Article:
Earlier this summer, the Journal of Mammalogy published findings from the Wildlife Conservation Society’s (WCS) study of long-beaked echidnas in Papua New Guinea. WCS trained an intern, Muse Opiang, to track, tag, and study the elusive monotremes. Opiang has since formed his own non-profit organization, the Papua New Guinea Institute of Biological Research.
Although the other two members of the order Monotremata, the duck-billed platypus and short-beaked echidna, are fairly well-known to people, the long-beaked echidna has never been studied and is critically endangered. Opiang spent 500 hours in the field before he found a single one. After 6,000 hour of field work, he managed to capture 22 echidnas, tagging 12 of these with radio transmitters. Their larger size makes them a popular bushmeat target of hunters.
Monotremes are egg-laying mammals, an evolutionary link between birds and reptiles, and placental mammals. They nurse young via lactation patches in their skin. A single opening, or cloaca, serves both reproductive and digestive functions. The recent sequencing of the platypus genome provided further insights into mammalian evolution. The study of long-beaked echidnas will enable scientists to develop conservation practices, ensuring the animals’ survival in the wild.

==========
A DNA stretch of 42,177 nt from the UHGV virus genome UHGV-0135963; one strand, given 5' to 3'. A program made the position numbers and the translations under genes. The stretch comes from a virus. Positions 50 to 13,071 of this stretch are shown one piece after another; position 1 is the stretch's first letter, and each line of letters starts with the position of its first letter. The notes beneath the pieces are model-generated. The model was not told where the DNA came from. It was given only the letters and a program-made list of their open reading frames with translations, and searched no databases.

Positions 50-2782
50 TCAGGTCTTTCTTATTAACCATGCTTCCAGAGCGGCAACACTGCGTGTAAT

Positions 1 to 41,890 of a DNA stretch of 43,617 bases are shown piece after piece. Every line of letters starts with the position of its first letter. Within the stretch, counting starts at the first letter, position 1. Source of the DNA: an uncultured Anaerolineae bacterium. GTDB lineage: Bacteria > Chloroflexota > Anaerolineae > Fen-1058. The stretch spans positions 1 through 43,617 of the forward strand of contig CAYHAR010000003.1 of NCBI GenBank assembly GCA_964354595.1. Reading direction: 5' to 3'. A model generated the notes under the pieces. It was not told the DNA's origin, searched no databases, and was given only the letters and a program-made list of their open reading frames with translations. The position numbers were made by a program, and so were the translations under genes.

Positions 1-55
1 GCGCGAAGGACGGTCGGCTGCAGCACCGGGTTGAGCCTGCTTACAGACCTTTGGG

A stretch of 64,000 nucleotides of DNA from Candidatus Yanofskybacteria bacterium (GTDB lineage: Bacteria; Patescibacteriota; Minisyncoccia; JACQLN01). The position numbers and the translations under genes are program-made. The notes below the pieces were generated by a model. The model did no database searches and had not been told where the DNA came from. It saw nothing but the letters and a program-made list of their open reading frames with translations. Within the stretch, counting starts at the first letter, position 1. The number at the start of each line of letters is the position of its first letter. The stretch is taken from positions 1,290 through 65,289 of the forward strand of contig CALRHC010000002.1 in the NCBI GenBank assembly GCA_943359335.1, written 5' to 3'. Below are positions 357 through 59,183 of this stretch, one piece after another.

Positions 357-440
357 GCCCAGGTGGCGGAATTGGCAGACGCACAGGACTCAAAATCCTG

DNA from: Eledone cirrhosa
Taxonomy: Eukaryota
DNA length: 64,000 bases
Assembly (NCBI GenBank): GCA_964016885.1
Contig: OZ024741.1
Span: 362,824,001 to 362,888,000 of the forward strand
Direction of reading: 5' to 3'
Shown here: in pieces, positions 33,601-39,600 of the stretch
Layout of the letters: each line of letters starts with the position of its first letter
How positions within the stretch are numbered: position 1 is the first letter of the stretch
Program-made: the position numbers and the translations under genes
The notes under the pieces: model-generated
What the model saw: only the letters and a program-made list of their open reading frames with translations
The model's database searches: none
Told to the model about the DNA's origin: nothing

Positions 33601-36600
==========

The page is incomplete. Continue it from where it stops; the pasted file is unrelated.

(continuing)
The Children’s Zoo at the San Diego Zoo is home to Victor, a short-beaked echidna who also happens to be the zoo’s oldest mammal. My favorite part of going to the zoo is visiting him, and encouraging other zoo guests to pet him. You’re actually allowed to pet him, and his quills are surprisingly soft. Oddly, I don’t have any photos of friends doing this, but someone on Flickr does! Monotremes are some of my favorite animals (not least because the babies are called puggles, and really, how cute is that?). I’m looking forward to learning more about long-beaked echidnas as new information from this study trickles in.